Pubdate: Sat, 30 Aug 2014
Source: Chatham Daily News, The (CN ON)
Copyright: 2014 Chatham Daily News
Author: Robert Sharpe
Page: 6


Re: Brian MacLeod's thoughtful Aug. 21 column.

Lost in the debate over marijuana is the ugly truth behind marijuana 
prohibition. North America's marijuana laws are based on culture and 
xenophobia, not science. The first marijuana laws were a racist 
reaction to Mexican migration during the early 1900s. Writing under 
the pen name Janey Canuck, Emily Murphy warned Canadians about the 
dread reefer and its association with non-white immigrants. The 
yellow journalism of William Randolph Hearst led to its 
criminalization in the U.S.

Dire warnings that marijuana inspires homicidal rages have been 
counterproductive at best. White North Americans did not begin to 
smoke marijuana in significant numbers until after government 
bureaucracies began funding reefer madness junk science. When 
threatened, the drug war gravy train predictably decries the 
"message" that drug policy reform sends to children. There is a big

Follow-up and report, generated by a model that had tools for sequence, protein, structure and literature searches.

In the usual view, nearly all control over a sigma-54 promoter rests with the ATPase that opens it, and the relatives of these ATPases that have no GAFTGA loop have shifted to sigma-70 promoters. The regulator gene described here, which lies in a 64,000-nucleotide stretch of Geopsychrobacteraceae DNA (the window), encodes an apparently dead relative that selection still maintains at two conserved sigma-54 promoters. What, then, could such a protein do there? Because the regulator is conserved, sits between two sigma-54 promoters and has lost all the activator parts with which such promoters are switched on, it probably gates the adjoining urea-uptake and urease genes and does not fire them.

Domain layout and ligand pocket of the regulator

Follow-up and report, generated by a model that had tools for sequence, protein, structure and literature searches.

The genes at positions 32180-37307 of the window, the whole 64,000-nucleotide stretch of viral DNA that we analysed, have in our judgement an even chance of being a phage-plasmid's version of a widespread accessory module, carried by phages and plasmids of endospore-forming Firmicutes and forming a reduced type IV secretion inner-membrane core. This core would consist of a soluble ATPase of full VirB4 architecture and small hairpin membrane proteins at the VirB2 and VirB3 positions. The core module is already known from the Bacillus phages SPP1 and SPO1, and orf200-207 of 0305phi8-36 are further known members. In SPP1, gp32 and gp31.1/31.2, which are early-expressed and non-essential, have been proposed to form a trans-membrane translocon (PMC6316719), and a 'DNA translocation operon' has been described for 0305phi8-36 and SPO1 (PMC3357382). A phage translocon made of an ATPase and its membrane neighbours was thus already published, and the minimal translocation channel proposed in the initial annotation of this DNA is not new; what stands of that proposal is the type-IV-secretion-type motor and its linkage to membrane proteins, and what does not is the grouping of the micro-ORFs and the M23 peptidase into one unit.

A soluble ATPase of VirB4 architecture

difference between condoning marijuana use and protecting children from drugs.

Decriminalization acknowledges the social reality of marijuana and 
frees users from criminal records.

What's really needed is a regulated market with age controls. As long 
as organized crime controls marijuana distribution, consumers will 
come into contact with hard drugs like cocaine, meth and heroin.

Marijuana prohibition is a gateway drug policy. Marijuana law reform 
may send the wrong message to children, but I like to think the 
children are more important than the message.

Robert Sharpe

Policy Analyst

Common Sense for Drug Policy

Washington, DC
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